Why isn't the First Covenant Better Known?
The Torah was given a long time ago but its meaning is elucidated only over time.
Even when God entrusted His Holy Torah to His beloved servant Israel, He gave it, in a sense, as raw material: as wheat to make flour and as flax to make cloth, through the Torah's own appointed methods of logical interpretation. - Midrash (ancient rabbinic commentary)
Israel has known about the First Covenant, the covenant between mankind's legendary common ancestors, Adam and Eve and, ten generations later, with Noah and his family, since Israel became a nation. That is not to say, though, that Israel has known all there is to know about it. For many years, the people of Israel were a little embarrassed by it. Because of flawed understanding, this aspect of God's Torah - the Torah, all of whose "ways are ways of pleasantness" - seemed rigid, harsh, and even cruel.
It took many generations - in fact, the return of the People of Israel to the Land of Israel, in modern times - to get to this true understanding of the Universal Law:
Every nation is obligated to determine the details of its own laws for itself. Among the nations, a person may elect to follow any religion; so long as that religion is not steeped in immorality and crime, he or she can be a righteous person. The Torah is tolerance: all its ways are ways of pleasantness (Proverbs 3:17). Nevertheless, the religion of Israel, belief in the Torah, the Bible, and in the One God of Israel is no mere matter of faith. It is much more than that - and we can prove it!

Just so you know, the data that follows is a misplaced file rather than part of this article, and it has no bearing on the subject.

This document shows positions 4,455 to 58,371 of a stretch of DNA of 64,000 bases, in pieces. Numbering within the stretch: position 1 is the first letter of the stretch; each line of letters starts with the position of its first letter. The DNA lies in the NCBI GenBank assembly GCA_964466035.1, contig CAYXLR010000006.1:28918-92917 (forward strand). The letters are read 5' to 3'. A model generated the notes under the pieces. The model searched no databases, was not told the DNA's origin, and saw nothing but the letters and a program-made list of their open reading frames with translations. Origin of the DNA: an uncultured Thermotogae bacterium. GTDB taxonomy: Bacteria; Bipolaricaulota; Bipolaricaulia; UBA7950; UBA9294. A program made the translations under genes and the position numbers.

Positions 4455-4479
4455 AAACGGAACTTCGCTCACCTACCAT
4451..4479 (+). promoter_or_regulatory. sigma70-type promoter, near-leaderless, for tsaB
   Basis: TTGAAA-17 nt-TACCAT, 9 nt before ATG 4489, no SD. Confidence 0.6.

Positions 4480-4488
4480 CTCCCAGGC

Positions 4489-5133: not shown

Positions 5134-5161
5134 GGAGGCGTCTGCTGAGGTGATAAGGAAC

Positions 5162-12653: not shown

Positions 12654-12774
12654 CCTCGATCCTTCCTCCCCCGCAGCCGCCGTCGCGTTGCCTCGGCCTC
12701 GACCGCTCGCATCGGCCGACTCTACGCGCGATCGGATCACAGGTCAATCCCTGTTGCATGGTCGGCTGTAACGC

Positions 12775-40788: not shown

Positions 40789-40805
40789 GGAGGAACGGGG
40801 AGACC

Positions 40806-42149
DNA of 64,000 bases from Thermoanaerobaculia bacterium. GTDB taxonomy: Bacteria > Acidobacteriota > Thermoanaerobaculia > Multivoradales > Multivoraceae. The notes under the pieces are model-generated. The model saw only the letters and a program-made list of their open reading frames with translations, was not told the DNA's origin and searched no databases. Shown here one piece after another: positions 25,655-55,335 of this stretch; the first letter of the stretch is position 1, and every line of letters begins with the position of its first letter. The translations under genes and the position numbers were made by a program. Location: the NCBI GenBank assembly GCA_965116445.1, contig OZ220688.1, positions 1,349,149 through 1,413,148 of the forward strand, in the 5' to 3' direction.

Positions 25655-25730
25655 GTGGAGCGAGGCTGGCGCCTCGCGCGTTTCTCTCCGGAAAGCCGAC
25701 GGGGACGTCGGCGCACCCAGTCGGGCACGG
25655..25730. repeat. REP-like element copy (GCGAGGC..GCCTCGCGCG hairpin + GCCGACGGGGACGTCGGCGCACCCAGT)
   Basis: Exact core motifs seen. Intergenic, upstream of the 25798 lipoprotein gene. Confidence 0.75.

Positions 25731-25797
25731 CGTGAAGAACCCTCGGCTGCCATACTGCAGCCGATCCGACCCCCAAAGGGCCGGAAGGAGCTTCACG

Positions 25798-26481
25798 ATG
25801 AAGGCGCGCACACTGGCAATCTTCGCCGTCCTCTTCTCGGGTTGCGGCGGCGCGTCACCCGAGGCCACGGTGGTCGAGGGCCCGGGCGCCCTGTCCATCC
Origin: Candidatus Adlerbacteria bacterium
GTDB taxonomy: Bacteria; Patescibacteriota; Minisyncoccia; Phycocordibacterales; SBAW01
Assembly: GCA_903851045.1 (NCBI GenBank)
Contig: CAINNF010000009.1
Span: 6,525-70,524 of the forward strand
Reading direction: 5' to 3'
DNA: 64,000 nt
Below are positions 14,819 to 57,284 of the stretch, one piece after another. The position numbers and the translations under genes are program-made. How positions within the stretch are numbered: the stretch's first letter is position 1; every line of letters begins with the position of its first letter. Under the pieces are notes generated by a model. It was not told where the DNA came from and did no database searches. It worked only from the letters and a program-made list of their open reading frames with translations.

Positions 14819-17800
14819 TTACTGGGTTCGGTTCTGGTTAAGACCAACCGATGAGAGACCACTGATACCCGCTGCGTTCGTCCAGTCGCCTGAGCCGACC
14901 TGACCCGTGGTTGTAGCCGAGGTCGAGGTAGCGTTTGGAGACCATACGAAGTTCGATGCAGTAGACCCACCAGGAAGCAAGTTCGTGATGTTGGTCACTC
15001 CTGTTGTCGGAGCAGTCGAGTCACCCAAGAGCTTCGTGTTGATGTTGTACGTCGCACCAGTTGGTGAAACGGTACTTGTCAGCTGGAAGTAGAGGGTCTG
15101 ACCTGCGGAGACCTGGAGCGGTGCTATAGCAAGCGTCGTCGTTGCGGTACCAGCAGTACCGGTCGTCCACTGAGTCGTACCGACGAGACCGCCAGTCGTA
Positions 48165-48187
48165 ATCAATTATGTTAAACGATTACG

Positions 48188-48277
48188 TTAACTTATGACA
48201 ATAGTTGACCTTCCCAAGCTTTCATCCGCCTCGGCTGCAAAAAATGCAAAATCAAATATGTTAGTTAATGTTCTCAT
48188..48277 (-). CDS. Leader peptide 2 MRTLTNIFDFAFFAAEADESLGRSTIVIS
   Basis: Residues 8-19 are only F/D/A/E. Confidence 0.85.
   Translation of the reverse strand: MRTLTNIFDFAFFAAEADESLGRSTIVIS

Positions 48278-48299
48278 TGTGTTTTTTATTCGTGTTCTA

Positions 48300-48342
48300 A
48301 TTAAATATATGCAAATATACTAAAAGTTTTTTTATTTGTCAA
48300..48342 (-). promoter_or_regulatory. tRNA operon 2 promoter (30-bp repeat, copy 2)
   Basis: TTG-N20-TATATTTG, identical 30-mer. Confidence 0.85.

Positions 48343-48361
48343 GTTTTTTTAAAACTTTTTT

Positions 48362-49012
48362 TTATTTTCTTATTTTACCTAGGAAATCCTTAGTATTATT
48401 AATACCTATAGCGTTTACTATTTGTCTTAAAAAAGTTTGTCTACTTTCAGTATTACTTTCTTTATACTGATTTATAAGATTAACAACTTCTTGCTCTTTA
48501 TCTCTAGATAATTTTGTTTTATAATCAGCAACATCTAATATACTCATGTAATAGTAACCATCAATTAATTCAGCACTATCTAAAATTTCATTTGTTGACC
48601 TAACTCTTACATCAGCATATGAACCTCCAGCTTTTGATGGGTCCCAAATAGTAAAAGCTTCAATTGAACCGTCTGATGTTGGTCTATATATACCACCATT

The religion from Sinai, the mission of Israel, is really everybody's. Noahism and Torah aren't the harsh, medieval nonsense that some people believe, or teachings that pertain mainly to 'End Times' - Messianic times. In fact, these liberating holy teachings remain, now and forever, the key to the survival and success of humankind on earth.
Only when Noachide centers being part of Jewish Communities becomes a norm will the Universalism of Judaism become reality and the purpose of Jewish existence fully justified. Although it is true that, although subject to the dominating power of Christianity and Islam, some Jewish ideas have prevailed and the Torah truth has been revealed (partially), a good teacher can’t be considered to have fulfilled his duty by merely handing over a textbook.
Michael E. Dallen opens the Introduction of his book The Rainbow Covenant so appropriately, with a quote from R. Elijah Benamozegh:
“Mankind cannot rise to the essential principles on which society must rest unless it meets with Israel. And Israel cannot fathom the depths of its own national and religious tradition unless it meets with mankind.”
This book – The Rainbow Covenant - has touched my heart. So much so that the thought echoes perpetually in my mind: if only a book like this had been available and known centuries ago...
I am not a historian and certainly not a Torah scholar. Indeed my above analysis might be an oversimplified derivation from the complex human historical play, not to mention the incomprehensible dynamics of the Jewish internal affairs. But if you could bear with my perfunctory assumption, let me say one more thing.
This is the third opportunity. Now. Right now.